#3: Andy Gibb- (Our Love) Don’t Throw It All Away

The Bee Gees’ kid brother Andy has always been a bit overshadowed by his older siblings, and listening through his hits, I have to admit that there’s a pretty good reason for that. Andy was a fine enough singer- basically a carbon copy of Barry with just a smidge more soulfulness- but it seems like he was consistently saddled with underwhelming songs that only garnered strong sales through his association with the massively popular Bee Gees. Seriously, in the late 70s, people just could not get enough of the Bee Gees, and if there was a “secret” fourth Gibb also recording music you’d better believe we were all wanting to hear what that was about. “Don’t Throw it All Away” is a great encapsulation of this, originating as a tossed-off deep cut Barry and collaborator Blue Weaver came up with during the Saturday Night Fever sessions. For Andy’s second album, Barry pulled this one out of his back pocket, spruced the tune up a bit and contributed some backing vocals to get it off the ground, and presto! You had the most blatant reject from a more popular act to become a hit since “Surf City”. Soup to nuts, this is pretty much a store-brand “Love So Right”. That trademark Gibb falsetto still just doesn’t jive with tender R&B balladry, and the lyrics are still all dime-a-dozen love song-isms with hardly anything to latch on to. As a kicker, the chorus melody is arguably much worse than “Love So Right”, a shrinking little patter of a tune that seemingly only fades further into the background the more attentively you listen to it. I sincerely hope Andy’s legacy ends up being his more lively, catchy stuff like “Shadow Dancing” instead of mediocre scraps foraged from his brothers’ wastebin. He was a pretty talented vocalist who sadly never got to realize his full potential, and I think he deserved a lot better than the likes of this.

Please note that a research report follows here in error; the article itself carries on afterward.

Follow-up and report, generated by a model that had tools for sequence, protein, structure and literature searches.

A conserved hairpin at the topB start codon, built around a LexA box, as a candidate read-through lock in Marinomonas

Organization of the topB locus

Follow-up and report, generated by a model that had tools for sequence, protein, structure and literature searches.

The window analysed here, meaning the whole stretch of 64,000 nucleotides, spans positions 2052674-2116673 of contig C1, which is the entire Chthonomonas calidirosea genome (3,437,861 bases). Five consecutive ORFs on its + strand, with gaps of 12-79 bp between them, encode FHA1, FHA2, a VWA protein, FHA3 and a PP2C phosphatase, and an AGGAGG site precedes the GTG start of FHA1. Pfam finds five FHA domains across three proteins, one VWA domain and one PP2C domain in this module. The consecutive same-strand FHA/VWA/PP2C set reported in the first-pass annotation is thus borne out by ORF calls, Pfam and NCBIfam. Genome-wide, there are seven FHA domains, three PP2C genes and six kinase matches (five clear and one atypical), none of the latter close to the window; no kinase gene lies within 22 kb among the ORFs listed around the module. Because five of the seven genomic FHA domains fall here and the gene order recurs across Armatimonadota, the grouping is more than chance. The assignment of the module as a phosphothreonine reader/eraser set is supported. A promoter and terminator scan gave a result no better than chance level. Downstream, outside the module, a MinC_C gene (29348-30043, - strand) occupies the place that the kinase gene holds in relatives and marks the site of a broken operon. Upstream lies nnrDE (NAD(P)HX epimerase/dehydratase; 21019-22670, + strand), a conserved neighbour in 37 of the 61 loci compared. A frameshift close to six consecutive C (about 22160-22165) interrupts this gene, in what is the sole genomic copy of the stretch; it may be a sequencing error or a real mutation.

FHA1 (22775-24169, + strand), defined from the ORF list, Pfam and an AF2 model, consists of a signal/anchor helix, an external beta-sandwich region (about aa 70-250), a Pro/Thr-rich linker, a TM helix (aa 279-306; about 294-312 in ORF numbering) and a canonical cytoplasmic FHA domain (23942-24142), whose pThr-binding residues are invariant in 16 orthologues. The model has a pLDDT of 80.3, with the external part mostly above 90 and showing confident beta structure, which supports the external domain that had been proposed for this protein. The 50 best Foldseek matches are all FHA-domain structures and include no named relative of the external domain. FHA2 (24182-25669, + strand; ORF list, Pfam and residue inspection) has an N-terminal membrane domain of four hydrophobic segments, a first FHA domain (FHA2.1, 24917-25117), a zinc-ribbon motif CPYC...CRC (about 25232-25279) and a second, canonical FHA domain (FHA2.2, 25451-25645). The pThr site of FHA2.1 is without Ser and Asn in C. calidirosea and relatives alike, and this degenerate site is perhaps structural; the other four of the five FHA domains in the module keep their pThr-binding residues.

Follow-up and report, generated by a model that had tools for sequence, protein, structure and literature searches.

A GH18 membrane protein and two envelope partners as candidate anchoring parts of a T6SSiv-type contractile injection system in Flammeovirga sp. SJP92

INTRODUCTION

#2: Village People- In the Navy

It’s common knowledge at this point that disco and LGBT culture were closely intertwined throughout the 70s, and (at least in the eyes of the mainstream), the Village People have been the face of that intersection for decades. I won’t deny that they deserve a lot of credit for getting some of the, well, gayest songs in pop history to the top of the charts, and I’d argue that “Y.M.C.A.”, while far from perfect, has overall stood the test of time quite well. With all that said, “In The Navy” is easily the Village People’s worst hit, and one of my least favorite disco songs of all time. I have two issues with this song: a relatively small one and a very major one. The smaller issue is that it’s not as gay as “Y.M.C.A.”. That may be an unrealistic standard to hold the song to, since that song was already probably pushing the boundaries of what radio would have accepted at the time, but it’s still a shame that nothing here even comes close to the sheer campy homoeroticism of “you can hang out with all the bo-o-oys”. Along with the nearly identical instrumental palette, it really solidifies “In The Navy” as a pale imitator. The bigger issue is that it’s military propaganda. I feel pretty comfortable saying that, too, given that the U.S. Navy let the group shoot the video for this song on an actual naval frigate in exchange for the rights to use the song in advertising campaigns. Those campaigns ultimately never saw the light of day, but the fact that the actual navy thought it could be an effective recruitment tool, to me at least, really blows a hole in the notion that this is any sort of satirical look at or even an affectionate send-up of the military. Given that many YMCAs in the 70s were popular as gay hookup spots, a cheesy disco song about that institution felt like a nod to actual gay culture; it was caricatured and exaggerated, sure, but it ultimately came across like a good-natured inside joke. “In the Navy” traded on the reputation the Village People built with that very song to sell their audience on the military-industrial complex, a grim portent of the hollow corporate rainbow-washing we all enjoy today. How do you do, fellow gays? Happy pride month from all of us at Raytheon.

#1: Roger Voudouris- Get Used to It